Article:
This goes back to their avoidant attachment style, which is why they associate emotional needs with negativity. Uncomfortable with being serious, they might poke fun of you or lighten the mood when you start real talk (cue: 'You're so sensitive').
'They’re showing that vulnerability is a turnoff,' Cohen says.
7. They misunderstand you
'The emotionally unavailable partner can make someone with very healthy views of intimacy and closeness feel bad about their needs,' Feuerman says.
They may not even realise they're doing it (again, they're not good at reading emotions). Regardless, feeling misunderstood or dismissed can feel like a harsh rejection, not to mention extremely frustrating, especially when you're trying to handle things diplomatically.
That’s the opposite of what you should feel in a relationship.
8. They call you 'intense'
Say it with me: 'My feelings are valid.' Closed-off people can see those who express their emotions as really intense or overdramatic—and often will call you out on it so you second-guess what you’re actually feeling. Really, they struggle to be empathetic.
Relationship therapist and owner of Modern Love Counseling Alysha Jeney, says this type of partner 'deals with your feelings the same way they deal with theirs.' Read: shutting them down.
9. They’re defensive
Considering an emotionally unavailable partner cannot, for the life of them, say how they truly feel, they automatically go on the defence when they’re exposed. They often blame others rather than recognising and confronting the emotional fallout.
10. They pull away
While you’re over here speaking your truth, your partner is over there running further and further away. The more you try to connect, Feuerman says, the more they pull away.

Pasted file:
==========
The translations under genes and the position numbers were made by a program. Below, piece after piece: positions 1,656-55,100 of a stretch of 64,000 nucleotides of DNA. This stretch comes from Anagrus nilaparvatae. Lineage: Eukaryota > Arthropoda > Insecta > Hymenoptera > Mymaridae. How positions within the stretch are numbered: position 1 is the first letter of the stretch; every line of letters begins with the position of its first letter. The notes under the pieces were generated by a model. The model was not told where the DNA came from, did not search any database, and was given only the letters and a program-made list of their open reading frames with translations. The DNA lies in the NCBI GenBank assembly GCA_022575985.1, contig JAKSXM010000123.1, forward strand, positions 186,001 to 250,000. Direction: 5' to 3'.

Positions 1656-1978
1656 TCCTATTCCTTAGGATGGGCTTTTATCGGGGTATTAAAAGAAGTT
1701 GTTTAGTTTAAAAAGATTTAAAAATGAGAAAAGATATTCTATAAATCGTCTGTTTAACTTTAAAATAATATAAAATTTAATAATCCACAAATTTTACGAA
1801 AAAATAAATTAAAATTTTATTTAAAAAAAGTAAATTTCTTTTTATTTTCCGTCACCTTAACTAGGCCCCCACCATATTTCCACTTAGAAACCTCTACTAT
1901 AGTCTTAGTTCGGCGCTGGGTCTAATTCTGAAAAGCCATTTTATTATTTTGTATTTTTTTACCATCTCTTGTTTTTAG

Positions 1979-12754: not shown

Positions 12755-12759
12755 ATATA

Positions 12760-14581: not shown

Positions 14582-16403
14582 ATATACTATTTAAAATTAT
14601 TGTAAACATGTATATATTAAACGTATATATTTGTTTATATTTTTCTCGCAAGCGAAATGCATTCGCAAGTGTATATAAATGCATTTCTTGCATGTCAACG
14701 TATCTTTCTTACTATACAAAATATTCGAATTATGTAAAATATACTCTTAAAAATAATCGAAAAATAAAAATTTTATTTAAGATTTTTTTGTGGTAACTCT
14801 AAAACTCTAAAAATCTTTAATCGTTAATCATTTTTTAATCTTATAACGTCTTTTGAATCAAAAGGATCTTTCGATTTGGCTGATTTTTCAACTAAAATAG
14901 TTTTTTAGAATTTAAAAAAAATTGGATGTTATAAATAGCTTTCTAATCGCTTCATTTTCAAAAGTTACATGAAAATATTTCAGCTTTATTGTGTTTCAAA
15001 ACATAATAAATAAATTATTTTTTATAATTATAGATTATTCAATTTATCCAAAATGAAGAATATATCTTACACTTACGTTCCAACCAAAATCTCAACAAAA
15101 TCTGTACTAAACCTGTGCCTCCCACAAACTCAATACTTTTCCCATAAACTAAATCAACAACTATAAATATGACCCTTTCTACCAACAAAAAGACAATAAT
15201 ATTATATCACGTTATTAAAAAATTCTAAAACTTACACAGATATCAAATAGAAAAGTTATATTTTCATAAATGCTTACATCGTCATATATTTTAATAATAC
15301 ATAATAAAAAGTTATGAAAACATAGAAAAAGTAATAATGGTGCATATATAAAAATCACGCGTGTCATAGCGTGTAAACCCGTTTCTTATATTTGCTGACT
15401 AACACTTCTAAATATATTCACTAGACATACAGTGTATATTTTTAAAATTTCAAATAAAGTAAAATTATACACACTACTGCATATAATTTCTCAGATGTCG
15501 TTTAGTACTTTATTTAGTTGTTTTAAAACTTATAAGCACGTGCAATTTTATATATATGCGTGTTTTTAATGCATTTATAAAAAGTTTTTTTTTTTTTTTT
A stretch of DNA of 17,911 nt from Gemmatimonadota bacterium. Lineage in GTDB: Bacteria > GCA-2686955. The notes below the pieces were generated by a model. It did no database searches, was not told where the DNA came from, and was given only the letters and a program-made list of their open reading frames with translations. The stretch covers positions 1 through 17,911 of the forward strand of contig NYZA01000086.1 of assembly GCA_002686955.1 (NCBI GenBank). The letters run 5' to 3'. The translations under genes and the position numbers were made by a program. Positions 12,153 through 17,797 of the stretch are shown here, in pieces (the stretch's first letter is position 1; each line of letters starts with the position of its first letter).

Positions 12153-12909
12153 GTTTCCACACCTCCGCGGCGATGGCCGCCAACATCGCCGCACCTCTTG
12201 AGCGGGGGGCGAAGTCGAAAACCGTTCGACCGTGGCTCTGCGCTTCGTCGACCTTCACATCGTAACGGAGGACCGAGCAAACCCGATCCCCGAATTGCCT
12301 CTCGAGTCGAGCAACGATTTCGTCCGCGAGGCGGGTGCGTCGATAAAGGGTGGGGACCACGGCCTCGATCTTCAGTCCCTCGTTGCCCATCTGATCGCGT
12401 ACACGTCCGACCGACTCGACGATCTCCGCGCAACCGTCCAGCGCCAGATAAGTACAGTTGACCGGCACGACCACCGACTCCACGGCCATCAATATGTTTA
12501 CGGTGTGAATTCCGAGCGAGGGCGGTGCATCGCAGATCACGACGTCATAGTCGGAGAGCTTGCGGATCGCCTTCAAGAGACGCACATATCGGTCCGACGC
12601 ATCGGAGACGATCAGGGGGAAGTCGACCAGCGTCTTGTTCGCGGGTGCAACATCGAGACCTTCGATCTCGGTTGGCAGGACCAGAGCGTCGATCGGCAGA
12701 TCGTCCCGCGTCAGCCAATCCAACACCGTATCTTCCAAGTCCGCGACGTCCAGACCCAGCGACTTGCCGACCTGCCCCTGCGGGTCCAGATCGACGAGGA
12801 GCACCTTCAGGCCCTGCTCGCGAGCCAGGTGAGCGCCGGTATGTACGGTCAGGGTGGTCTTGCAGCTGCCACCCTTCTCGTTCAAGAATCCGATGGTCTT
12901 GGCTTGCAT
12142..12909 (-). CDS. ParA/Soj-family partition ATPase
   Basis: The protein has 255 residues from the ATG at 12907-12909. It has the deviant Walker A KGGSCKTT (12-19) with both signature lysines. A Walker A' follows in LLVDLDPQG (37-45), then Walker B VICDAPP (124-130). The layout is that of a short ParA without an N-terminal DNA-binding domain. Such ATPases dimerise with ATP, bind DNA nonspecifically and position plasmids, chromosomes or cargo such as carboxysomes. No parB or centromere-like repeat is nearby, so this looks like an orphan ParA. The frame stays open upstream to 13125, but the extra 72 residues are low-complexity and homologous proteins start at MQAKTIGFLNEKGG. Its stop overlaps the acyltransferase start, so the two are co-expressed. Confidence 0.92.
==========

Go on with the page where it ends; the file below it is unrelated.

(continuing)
'The push for closeness may feel uncomfortable or scary,' she explains. Hence, emotionally unavailable people withdraw and say (or silently convey) 'no comment' when talk of conflict or your future together comes up.
11. They don’t put the same effort into the relationship
Equal partnership, who? The emotionally unavailable partner just can’t seem to get to the same place as you. 'They anticipate being let down, so they don’t make the effort,' Feuerman says. She notes when that person stops putting energy into the relationship, the end is near.
What to do if you really like this person
Here’s where it gets personal. It comes down to you to decide if it’s worth pursuing a relationship with someone who shows signs of being emotionally unavailable. Whatever your choice, proceed with caution.
'It was Maya Angelou who said, When people show you who they are, believe them,' Cohen says. 'And in this scenario, I agree with that quote.' She says staying with someone who is emotionally unavailable could be a disaster—not quite the green light you might be looking for.
For the sake of your mental health, it’s important to remember that it’s not up to you to change this person’s ways. Again, while emotional unavailability could be a temporary result of one's current circumstances, many times, it goes way back to long before they met you.
A one-sided relationship with someone who can’t support or love you in the way you deserve is exhausting, not to mention could toe the line of a specific type of emotional abuse, called gaslighting.
If the person shows no signs of changing their habits, think of moving on as an act of self-care. I know it hurts to give up on someone you want, but it will be a lot less painful if you part ways early.
Now, on the flip side, if your heart of hearts believes that 'your partner is struggling with opening up or being responsive to your emotions,' then 'they may just need help learning how to tolerate and understand feelings,' Jeney says. There’s room to ask them questions that will help give you clarity on their hesitations, or learn what affection means to them. Just remember to be gentle and patient, and try not to get all heated up.
Partnered with this talk and a concerted, mutual (keyword here) effort to progress—bonus points if your partner goes to therapy!—it’s possible to have a future together. 'A person might be able to break down the walls of someone who has some willingness to slowly take out the bricks,' Feuerman says.
'It is ultimately up to them to become more emotionally accessible, present, and engaged.'